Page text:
The National Bank for Economic and Social Development (BNDES) could return to the National Treasury about $ 100 billion this year to help with government accounts, according to bank adviser Carlos Thadeu de Freitas.
The bank has already returned this year about R $ 30 billion and, according to the adviser, the remaining R $ 70 billion should be paid by the end of the year. Thadeu, who previously served as director of the institution, said the bank has the space and the wind to return the amount to the Treasury to help with the public accounts.
"The public accounts can not get any worse. Everyone's in the same boat, and if it gets worse, everybody sinks together," he said.
During the last decade, the Treasury has irrigated the BNDES with almost R $ 500 billion, used for loans to companies, often cheaper than the cost of funding from the Union. These resources have started to be returned in recent years.
From 2015 to 2018, the bank returned to the government R $ 309 billion. Last year, BNDES made an agreement with the Union, anticipating from 2060 to 2040 the deadline for returns.
Inside the bank, Joaquim Levy, who resigned from the bank's command last weekend after being publicly charged by President Jair Bolsonaro, said he would be resisting a more meaningful return.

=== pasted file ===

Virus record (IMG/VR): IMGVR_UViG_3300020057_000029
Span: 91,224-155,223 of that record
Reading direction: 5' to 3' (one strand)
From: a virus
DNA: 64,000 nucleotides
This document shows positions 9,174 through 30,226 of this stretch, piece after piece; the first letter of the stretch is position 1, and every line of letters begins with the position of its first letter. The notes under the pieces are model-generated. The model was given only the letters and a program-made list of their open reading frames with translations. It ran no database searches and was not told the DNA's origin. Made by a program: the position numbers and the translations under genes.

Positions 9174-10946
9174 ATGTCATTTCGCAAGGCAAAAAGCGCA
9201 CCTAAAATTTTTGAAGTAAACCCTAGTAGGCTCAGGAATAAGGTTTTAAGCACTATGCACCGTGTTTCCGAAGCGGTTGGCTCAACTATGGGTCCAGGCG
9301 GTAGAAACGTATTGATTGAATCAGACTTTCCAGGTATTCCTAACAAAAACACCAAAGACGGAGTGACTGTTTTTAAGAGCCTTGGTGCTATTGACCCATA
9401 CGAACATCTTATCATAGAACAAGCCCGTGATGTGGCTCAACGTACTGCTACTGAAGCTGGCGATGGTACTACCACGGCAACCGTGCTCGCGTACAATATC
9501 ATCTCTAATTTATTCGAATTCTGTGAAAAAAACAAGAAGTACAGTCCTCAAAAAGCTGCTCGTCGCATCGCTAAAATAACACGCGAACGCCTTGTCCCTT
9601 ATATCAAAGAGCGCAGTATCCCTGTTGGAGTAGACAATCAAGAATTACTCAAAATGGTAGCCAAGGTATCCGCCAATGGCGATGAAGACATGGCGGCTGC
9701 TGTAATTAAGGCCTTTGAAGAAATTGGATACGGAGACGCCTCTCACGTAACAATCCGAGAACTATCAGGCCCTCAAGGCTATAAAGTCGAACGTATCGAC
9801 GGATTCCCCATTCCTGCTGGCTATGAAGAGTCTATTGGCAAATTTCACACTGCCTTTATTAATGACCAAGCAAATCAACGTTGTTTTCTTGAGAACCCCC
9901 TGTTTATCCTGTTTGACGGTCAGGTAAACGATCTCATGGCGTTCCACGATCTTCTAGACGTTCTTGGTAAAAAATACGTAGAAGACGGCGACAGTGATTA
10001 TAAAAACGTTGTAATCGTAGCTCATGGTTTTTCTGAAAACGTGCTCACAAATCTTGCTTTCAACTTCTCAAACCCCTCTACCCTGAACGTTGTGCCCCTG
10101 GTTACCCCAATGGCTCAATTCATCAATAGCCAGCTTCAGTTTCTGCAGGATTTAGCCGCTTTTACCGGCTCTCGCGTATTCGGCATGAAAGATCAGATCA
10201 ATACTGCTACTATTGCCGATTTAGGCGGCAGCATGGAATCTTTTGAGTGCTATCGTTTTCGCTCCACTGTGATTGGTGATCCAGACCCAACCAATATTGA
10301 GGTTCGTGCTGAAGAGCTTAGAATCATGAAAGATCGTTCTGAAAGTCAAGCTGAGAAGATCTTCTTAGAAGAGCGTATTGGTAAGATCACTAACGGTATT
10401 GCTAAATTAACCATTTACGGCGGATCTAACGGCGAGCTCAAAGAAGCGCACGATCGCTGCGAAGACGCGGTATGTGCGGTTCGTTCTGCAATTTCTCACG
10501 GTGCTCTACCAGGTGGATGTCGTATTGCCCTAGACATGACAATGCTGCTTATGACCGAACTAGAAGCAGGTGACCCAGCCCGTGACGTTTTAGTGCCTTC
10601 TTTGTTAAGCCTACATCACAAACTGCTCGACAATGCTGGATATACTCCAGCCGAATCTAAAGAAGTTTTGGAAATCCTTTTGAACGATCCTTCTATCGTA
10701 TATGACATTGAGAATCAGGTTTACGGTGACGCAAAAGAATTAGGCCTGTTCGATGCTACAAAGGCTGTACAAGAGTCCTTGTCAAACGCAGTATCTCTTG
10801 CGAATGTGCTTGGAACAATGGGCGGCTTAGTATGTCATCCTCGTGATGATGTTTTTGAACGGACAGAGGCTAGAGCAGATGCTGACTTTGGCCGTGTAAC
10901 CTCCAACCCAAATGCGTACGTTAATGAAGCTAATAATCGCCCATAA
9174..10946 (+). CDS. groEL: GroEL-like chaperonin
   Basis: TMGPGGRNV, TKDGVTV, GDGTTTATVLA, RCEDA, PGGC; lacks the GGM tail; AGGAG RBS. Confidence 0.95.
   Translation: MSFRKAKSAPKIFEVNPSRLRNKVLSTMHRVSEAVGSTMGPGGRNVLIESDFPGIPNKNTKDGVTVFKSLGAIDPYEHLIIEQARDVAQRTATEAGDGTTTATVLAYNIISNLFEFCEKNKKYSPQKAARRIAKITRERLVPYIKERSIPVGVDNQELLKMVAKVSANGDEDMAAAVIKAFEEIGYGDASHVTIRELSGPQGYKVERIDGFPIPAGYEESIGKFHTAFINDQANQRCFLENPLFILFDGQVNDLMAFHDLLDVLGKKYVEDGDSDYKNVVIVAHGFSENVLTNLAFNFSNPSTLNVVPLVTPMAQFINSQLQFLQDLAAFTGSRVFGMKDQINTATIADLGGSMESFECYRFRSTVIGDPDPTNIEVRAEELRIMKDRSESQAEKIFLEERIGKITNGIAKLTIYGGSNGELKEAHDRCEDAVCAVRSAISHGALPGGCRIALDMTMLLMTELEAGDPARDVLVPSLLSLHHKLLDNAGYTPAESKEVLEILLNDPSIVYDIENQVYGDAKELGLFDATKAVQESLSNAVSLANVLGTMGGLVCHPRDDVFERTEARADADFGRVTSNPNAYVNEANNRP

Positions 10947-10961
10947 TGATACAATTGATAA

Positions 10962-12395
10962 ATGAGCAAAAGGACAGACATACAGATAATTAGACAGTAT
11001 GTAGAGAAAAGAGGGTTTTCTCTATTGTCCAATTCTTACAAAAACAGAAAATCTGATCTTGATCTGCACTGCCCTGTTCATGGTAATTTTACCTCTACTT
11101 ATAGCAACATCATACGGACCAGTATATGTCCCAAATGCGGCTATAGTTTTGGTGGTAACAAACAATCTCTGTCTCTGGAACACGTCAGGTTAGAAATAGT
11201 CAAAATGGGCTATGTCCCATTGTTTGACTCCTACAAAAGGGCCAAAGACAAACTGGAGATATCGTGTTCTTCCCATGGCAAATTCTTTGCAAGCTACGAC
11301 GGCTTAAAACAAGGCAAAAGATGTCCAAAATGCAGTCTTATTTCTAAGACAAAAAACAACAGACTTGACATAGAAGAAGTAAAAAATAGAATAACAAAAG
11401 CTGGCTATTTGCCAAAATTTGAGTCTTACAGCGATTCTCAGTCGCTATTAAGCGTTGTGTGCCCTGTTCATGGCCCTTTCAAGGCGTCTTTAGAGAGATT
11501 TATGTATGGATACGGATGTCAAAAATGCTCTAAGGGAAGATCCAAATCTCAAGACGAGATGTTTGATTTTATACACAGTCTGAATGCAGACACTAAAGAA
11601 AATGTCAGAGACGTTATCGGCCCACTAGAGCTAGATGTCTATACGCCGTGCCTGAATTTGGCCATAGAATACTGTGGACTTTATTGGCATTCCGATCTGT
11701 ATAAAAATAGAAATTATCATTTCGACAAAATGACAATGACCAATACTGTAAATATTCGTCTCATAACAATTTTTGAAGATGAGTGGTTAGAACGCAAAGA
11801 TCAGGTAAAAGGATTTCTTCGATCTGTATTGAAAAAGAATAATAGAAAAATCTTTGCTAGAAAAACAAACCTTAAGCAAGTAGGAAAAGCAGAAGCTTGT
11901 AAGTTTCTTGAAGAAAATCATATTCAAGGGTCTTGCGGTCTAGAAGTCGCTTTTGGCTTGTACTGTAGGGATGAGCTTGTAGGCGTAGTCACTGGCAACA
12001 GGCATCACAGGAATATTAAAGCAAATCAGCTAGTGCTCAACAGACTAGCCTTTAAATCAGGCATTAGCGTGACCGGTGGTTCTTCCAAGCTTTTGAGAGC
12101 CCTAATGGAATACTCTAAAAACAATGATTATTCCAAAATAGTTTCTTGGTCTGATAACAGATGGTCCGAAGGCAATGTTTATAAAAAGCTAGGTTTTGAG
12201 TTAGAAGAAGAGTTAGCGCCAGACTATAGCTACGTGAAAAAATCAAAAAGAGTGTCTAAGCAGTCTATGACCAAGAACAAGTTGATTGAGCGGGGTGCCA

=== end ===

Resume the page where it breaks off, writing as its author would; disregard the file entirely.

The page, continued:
"Levy is a great economist, but maybe it took him a while to figure out the new size of the bank," Freitas said.
There are fears in the bank that discards could compromise the institution's ability to finance. But as the economy has not yet moved, there are currents in the government that understand that the devolution would not have major consequences for the BNDES.
The opinion of the pension reform provides for the end of onlendings of the Workers' Assistance Fund (FAT), one of the bank's main sources of financing.
"If this is approved, it would only be for 2020. Then you have to see how the remaining resources will be returned. A total of R $ 200 billion is missing," said Thadeu.
The executive said that one should no longer expect the bank to lend more than R $ 70 billion annually. BNDES has already lent more than R $ 140 billion per year. The focus from now on should be financing for infrastructure works and for medium, micro and small businesses, he said.
"There is no alternative for the bank to be bigger, the private ones can lend, they are very liquid and it does not make sense to have a huge BNDES, if it has to be focused on small and infrastructure," says Thadeu.
The executive forecast is that BNDES will lend in 2019 about R $ 65 billion, below the R $ 69.3 billion in 2018.
With this, Freitas said it is time to think about wiping out the workforce through a Voluntary Dismissal Program (PDV). This could take the total number of BNDES, currently around 2,500 people, to a maximum of 1,800 employees.
The BNDES employees' association said that for the time being is not aware of a POS and that it would not manifest itself.